But that transformation will have to take place as labor organizers continue rallying public support for low-wage workers. Ahead of the protests this week, a study funded by the SEIU found working families rely on $153 billion in public assistance a year as a result of their low wages.

Already, organizers say the Fight for $15 is changing the way people think about low-wage work.

Last year, more than a dozen states and multiple cities raised their minimum wages, according to the National Employment Law Project. Wal-Mart Stores Inc., which has also been targeted with protests for higher wages and better treatment for workers, also recently announced pay hikes.

Robert Reich, former Labor secretary and a professor of public policy at the University of California, Berkeley, said stagnating wages for lower-income workers are also helping change negative attitudes about unions.

"People are beginning to wonder if they'd be better off with bargaining power," Reich said.

Comment by Moderating Staff on March 19, 2015 at 6:54am

Comment by jorge namour 5 hours ago

Liveblog: Blockupy anti-ECB demo in Frankfurt - GERMANY


Published: 18 Mar 2015

Frankfurt remains on alert after a morning of violence, burned cars and hundreds of arrests gave way to what is hoped to be an afternoon of peaceful protest. Organizers of the "Blockupy" demonstration against the new European Central Bank (ECB) building said they distanced themselves from the violence. Follow the latest updates here.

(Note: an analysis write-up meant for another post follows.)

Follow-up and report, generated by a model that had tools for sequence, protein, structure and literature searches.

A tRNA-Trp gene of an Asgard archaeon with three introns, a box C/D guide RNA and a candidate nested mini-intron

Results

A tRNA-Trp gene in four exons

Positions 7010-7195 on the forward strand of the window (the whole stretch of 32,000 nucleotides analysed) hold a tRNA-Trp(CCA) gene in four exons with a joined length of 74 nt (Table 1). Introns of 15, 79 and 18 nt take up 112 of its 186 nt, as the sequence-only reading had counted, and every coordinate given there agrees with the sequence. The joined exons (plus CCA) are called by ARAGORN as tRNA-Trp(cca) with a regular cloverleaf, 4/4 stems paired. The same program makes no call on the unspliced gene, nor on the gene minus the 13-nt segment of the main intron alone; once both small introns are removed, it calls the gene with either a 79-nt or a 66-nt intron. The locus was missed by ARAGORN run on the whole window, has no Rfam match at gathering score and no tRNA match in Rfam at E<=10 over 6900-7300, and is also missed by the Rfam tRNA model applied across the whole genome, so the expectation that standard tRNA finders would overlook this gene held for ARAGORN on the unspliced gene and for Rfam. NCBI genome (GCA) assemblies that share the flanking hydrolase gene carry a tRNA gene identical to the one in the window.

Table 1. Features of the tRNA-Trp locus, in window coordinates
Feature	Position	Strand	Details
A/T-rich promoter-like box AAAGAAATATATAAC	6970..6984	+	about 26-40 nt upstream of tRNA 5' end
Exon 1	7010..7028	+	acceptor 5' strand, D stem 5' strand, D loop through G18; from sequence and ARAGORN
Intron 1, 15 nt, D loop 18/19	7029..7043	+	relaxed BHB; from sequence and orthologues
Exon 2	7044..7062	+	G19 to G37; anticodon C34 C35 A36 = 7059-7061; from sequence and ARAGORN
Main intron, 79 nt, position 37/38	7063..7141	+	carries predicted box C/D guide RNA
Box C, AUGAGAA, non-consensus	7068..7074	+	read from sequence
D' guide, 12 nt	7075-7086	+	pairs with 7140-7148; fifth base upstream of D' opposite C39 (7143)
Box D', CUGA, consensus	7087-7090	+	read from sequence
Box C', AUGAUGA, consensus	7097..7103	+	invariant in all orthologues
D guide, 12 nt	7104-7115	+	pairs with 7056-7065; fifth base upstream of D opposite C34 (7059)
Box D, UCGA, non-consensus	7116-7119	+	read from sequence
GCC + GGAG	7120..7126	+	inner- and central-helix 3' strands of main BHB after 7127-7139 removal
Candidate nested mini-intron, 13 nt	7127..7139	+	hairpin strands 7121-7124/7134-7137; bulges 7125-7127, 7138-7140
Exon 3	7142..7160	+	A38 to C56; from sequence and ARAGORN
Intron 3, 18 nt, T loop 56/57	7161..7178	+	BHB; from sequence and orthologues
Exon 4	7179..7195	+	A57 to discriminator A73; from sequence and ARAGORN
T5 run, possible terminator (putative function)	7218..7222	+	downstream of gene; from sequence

March 18, 2015

Comment by casey a on March 16, 2015 at 6:24am

Wall Street bonuses keep soaring as profits decline   http://www.theguardian.com/money/us-money-blog/2015/mar/15/wall-str...

Bankers’ bonuses average some $173,000 – or three times the median American income – amounting to 170% of NYSE member firms’ profits

Bonuses don’t come out of a bank’s profits, but out of its revenues... Wall Street prefers to look at bonus payouts as a function of revenue. Even so, that still means that banks like JP Morgan Chase, Goldman Sachs and Morgan Stanley are handing over about 40 to 50 cents out of every dollar of REVENUE (not profits) they generate every year in bonuses.

The biggest question of all is whether Wall Street’s investors are going to sit idly by as a greater percentage of profits that belong to them flow out the doors to the banks’ employees?... At some point, the banks won’t be able to... When that happens, maybe the bonus gravy train will finally stop running.